Bessie Jones and Georgia Sea Island Singers - O Death - Video
PUBLISHED:  Sep 13, 2011
In voudun there are gods and demigods of death and of the cemetery who come to the dancing
ground and possess some of their worshipers; now vehicles through which the deities can communicate
with mortals, the possessed advise, gossip, eat, dance, and socialize with the congregants.
Thus Bessie Jones's dramatic dialogue between Death and the reluctant sinner might just as well
have its roots in an African tradition as in the popular religious poems and dramas of medieval
Europe in which death was so frequently personified.
O Death in the mornin', (3 times)
Spare me over another year.
Well, Death walked up into the sinner's gaze,
Says, "B'lieve you have waited now a little too late,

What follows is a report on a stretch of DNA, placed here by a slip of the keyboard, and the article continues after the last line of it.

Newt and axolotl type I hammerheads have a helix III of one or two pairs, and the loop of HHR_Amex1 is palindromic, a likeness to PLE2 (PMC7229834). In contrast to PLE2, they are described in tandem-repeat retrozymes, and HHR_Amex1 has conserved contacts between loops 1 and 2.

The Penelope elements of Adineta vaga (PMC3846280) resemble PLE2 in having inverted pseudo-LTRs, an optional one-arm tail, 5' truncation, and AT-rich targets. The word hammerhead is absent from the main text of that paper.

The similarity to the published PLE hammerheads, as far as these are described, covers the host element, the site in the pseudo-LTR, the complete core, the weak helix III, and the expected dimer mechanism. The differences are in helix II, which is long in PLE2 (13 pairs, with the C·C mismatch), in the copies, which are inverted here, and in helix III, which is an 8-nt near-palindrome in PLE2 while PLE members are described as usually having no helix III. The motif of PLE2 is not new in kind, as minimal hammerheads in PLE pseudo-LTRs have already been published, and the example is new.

Your fever now is one hundred and two,
Have a narrow chance if you ever pull through."
He cried, "O Death,"
Cryin', "O Death in the mornin',
O Death,
Death, spare me over in another year.
Hey, what is this I see,
Cold, icy hands all over me?
You say, "I am Death, no one can excel,
I span the doors of Death and Hell."
"No, you heard God's people sing and pray,
You would not heed, you just walked away,
You would not even bend your knee,
Now you got to come and go with me.
"Well, I'm gon' fix your feet so you cannot walk,
'M fix your tongue where you cannot talk,
Close your eyes and you cannot see,
And you got to come and go with me."
"Well, Death, consider my age,
And do not take me in this stage,
Because all of my wealth is at your command,
If you'll just move your cold, icy hand."
He cried, "No no,
O Death in the mornin',
No no,
Lord, spare me over in another year."

- Alan Lomax
follow us on Twitter      Contact      Privacy Policy      Terms of Service
Copyright © BANDMINE // All Right Reserved
Return to top